Optical media is very much alive and thriving. It is entirely complementary to cloud, SSD and HDD storage because it has advantages that they don’t. That’s not to say they don’t have their place; they most certainly do; immediacy of access and potentially massive capacity being the two most obvious. They also have weaknesses which we’ll discover as we examine optical media usage.
A vast amount of digital data is being generated each year, a trend that shows no sign of stopping. According to IDC figures, in zettabytes (1ZB = 1,000,000,000,000,000,000,000 bytes) the global volume grew from 0.9ZB in 2008, 33ZB in 2018 and is expected to reach 175ZB in 2025. The trend is ever upwards, no matter what line of business you’re in.
Keeping all the data in computer hardware or in the cloud (which is usually other people’s computer hardware anyway) is an expensive way to preserve valuable information that’s not needed today but may be needed in the future. All companies are obliged to keep some data to comply with legislation and regulations. Some want to keep it for other historical reasons. Individuals, of course, like to preserve their bulky personal data such as music, photo collections and important documents. CDs, DVDs and Blu-ray discs offer different storage capacities, from 700MB to 100GB and keep their data in perfect condition.
Traditionally, corporate archives have been stored on magnetic tape, not least because of its vast capacity. What’s less well known is that the tapes need to be rewritten every few years, due to degradation of the magnetic recording. Also data on tapes is usually accessed serially which is fine for recovery of data stores but not so good if you want to access items more randomly. HDDs are electromechanical devices which makes their longevity somewhat unpredictable. And SSDs cannot be relied upon for long term storage. Just like tape, it’s best to refresh data on both HDDs and SSDs every two or three years. Alternatively, you can keep duplicate copies of data on different devices for good protection but this comes at significant extra expense.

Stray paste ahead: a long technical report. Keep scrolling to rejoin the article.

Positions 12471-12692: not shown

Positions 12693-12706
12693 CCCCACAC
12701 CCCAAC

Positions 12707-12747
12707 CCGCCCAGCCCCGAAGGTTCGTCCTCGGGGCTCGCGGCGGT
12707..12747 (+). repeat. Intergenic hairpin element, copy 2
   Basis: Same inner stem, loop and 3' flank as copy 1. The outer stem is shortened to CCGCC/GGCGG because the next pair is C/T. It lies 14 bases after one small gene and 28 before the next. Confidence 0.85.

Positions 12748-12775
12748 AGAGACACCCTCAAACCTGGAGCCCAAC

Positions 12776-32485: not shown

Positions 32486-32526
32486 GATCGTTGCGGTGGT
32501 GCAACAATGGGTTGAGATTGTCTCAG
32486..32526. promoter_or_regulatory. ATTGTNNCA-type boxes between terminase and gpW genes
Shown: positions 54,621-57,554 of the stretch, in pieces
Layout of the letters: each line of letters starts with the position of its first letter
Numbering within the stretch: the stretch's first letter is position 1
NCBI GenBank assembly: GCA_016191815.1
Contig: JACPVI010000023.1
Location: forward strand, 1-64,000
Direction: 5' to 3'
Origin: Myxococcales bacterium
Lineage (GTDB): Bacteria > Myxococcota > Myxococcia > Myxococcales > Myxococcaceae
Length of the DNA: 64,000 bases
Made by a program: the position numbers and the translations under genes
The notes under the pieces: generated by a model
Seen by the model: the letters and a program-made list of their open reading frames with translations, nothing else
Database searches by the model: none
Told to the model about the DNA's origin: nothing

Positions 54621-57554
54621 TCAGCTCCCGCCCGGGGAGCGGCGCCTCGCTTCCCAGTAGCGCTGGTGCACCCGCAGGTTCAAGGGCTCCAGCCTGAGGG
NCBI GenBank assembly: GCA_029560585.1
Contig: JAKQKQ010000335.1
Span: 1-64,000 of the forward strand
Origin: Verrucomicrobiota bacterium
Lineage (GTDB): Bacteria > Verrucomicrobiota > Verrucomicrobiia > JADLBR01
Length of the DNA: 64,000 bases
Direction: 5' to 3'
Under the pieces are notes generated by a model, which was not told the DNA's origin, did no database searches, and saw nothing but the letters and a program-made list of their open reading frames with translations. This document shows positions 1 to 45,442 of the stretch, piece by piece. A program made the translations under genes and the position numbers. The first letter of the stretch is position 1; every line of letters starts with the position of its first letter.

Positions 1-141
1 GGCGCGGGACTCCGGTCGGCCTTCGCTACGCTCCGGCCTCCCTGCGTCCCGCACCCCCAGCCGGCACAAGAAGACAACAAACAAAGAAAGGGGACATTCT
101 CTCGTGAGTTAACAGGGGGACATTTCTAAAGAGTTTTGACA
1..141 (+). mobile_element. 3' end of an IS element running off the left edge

Optical media improves all the time, in both reliability and capacity. Verbatim’s current top-of-the-range Blu-ray BDXL discs each store up to 100GB and will last hundreds of years without degradation. In fact, industry standard ISO/IEC 10995 tests gave them a mean lifetime of 1,332 years, with just 5% of discs showing signs of data loss after 667 years.
Because they’re inert, their storage requires nothing beyond a small amount of space. And, because of very strong and consistent recording standards, optical discs will remain readable for the foreseeable future. The important thing is to have a clear strategy with respect to which data you need to keep and to store it in a durable standard format (e.g. pdf, Jpeg, and so on.)
To answer the question posed in the headline: “Is optical media dead or alive?” The answer is, “Very much alive. And improving all the time.”